I knew I liked boys by the time I was 11 years old. I can tell you the exact date I acknowledged it to myself, as I entered it in my diary -- and then immediately scratched it out. I never truly intended to document that moment, but to leave footsteps that I could retrace years later. It was a lonely trail I blazed back then. I guess in my heart I knew things would get better, I just didn't know when.
Fast forward: My bar mitzvah, college, coming out, finding love, getting married, buying a house, having a kid, getting divorced, becoming a single dad. Living the dream.
That's right, a gay, single dad living the dream... And I have never been happier. I always wanted to be a father, from a very young age. I had great role models in my parents and I yearned to share their kind of unconditional love and acceptance with my own child.
My son, Sammy was born in the spring of 2007. He came to me and my former husband through an arduous adoption process. From the moment I saw him in the delivery room, I knew he would be the most important thing in my life. He is an amazing little guy whose wisdom transcends the limitations of his chronological age. A good friend referred to him as "seven going on seventy" -- it was a compliment.
Sammy is friendly, social, creative, and loving. He's game for almost anything, at anytime. Anyone who knows us would vouch that there is not only an unbreakable father/son bond but also a special chemistry between us. Simply put, we get each other.
As extraordinary as our relationship is, our lives are really quite ordinary. We live in a working class community outside of San Francisco. Sammy goes to first grade at a public school down the block. He plays in little league, takes swimming and piano lessons, and has participated in soccer, football, basketball, and theater classes. In addition, year round he is exposed to his Jewish heritage through Hebrew school and a Jewish day camp in the summer.
From the moment he was born (or maybe it was on his eighth day of life), he has been learning what it means to be Jewish; to be a part of a great culture and community, and a minority. We have the tooth fairy and we trick-or-treat, but there are neither visits from Santa Claus, nor any Easter egg hunts. He does see us as different from many of his peers, but not for the obvious reason.
The obvious is that he is a kid with two dads. As his primary caretaker, my job is to do my best to rear a well-adjusted young man; someone who knows right from wrong and can thrive in the world we are leaving for him. Of course, homophobia is a topic that is often top of mind for me. Discussing discrimination, in general, is not very difficult. His school values diversity and helps facilitate discussions like:
"All people should be treated equal."
"Nelson Mandela was a great man because he fought an unfair system."
"Rosa Parks stood up for what she believed in."
"Don't judge someone based on the color of their skin, or their religion, but rather who he or she is, as a person."
These are all great and easily understood messages for a seven-year-old. They are all, for the most part, supported by shows on TV, and in movies and books.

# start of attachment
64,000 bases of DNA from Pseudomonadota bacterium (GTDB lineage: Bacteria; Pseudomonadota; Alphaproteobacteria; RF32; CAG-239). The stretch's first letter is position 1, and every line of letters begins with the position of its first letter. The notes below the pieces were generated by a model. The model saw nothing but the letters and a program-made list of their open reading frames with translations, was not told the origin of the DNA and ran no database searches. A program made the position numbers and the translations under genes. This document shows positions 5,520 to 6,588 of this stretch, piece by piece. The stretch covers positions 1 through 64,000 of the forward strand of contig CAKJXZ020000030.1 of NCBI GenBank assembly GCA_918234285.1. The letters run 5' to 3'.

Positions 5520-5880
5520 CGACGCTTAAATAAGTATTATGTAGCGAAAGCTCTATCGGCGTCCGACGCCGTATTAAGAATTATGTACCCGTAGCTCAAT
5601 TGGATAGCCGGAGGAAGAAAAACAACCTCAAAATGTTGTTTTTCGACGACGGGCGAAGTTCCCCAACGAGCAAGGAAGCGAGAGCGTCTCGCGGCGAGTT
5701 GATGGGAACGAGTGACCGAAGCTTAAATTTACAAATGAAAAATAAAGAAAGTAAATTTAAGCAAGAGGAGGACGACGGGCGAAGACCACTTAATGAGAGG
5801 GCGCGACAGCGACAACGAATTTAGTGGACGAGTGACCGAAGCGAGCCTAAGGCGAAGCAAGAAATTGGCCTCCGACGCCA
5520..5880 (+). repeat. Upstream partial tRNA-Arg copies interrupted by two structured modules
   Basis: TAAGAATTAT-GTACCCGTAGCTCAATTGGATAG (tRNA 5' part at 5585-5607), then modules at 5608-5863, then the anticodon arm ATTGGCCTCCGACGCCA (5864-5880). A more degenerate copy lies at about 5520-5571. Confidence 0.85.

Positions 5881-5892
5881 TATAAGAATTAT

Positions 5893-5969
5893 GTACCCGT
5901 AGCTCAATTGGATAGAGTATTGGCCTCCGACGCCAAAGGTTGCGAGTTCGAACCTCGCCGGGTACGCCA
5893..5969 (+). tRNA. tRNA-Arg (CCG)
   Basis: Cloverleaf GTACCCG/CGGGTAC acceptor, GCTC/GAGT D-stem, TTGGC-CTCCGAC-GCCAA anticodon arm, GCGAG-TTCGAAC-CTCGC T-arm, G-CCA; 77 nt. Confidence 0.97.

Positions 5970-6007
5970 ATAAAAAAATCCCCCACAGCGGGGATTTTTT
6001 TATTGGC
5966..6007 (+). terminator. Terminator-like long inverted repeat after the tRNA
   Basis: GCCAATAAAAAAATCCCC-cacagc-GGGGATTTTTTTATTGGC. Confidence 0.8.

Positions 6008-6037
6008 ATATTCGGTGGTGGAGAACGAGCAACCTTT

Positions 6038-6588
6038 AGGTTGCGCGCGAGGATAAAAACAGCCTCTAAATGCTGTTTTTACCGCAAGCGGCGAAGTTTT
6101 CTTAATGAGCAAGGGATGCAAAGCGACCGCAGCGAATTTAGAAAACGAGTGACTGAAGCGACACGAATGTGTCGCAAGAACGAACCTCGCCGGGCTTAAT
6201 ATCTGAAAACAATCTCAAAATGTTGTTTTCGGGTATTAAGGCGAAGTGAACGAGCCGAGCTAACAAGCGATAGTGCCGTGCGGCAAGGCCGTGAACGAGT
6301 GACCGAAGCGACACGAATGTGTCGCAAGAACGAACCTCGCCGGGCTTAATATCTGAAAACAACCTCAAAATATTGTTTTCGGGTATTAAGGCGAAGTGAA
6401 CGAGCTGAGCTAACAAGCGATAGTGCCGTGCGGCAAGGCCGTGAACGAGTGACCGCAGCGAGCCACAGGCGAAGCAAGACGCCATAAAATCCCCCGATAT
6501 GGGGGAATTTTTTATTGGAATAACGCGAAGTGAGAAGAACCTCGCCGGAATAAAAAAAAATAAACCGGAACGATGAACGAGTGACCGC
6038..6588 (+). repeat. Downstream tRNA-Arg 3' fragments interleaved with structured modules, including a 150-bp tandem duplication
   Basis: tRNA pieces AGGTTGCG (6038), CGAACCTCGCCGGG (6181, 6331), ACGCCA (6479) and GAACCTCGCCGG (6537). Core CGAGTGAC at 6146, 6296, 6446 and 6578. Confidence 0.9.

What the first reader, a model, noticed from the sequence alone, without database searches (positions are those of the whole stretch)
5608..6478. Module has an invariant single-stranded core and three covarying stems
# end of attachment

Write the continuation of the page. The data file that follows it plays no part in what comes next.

The discussion about why I won't be getting married to a woman, or why some people don't like people like me is entirely different. Mostly because it's me -- Daddy. Why in the world would someone not like Daddy? Or why would they not like me because of Daddy?
I don't work at being gay. It's a part of who I am but it does not define who I am. Right now my top priority is being Sammy's dad. And that has more to do with setting up play dates than being an advocate or educator. Of course those are not mutually exclusive, but as a single parent, there simply aren't enough hours in the day. I am never done and I am never doing enough.
This all came to a head last June when I took Sammy to the Castro district in San Francisco to celebrate the U.S. Supreme Court's decision to uphold same-sex marriage. Emotionally charged, hundreds of gay marriage supporters took to the streets in celebration. It was history in the making and I was so happy to be there and have Sammy a part of it. But in the moment, I couldn't find the right words to explain what the celebration was really all about. I tried my best: "Gay people can now get married (probably) here in California! Of course not everywhere in the United States, just some places..."
It's not an easy concept to explain to a six-year-old. I was ill-prepared to have a productive conversation with him about this subject. Even though we have many gay friends, he hasn't been exposed to the gay culture the way I was, years ago. He doesn't see or understand the depths of it, the struggle behind it, or the importance of it. He didn't know how much it mattered to so many people.
I felt at that moment on Castro Street that it needed to matter: Sammy had to be better informed and needed to be a part of a community I treasure. I felt that me being gay simply wasn't gay enough -- I needed to be doing more. Thus, my continuing challenge is to impart to Sammy the same understanding, community feeling, historical background, and cultural enrichment that he gets from being Jewish to being in a family with two dads. He needs that appreciation.
I know that, even as a year has passed, I need to do better. Although we live in the epicenter of liberalism and spitting distance from the Gay Mecca, I need to expose Sammy to more experiences that will expand the very world in which he lives. I am not doing all I can do. I need to leave my ordinary, safe, comfort zone that I have painstakingly built so well and do some heavy lifting. Find similar families, make new connections and start tackling the hard question that will be coming from a very young, inquisitive boy. In essence, "come out" again -- this time, for my son.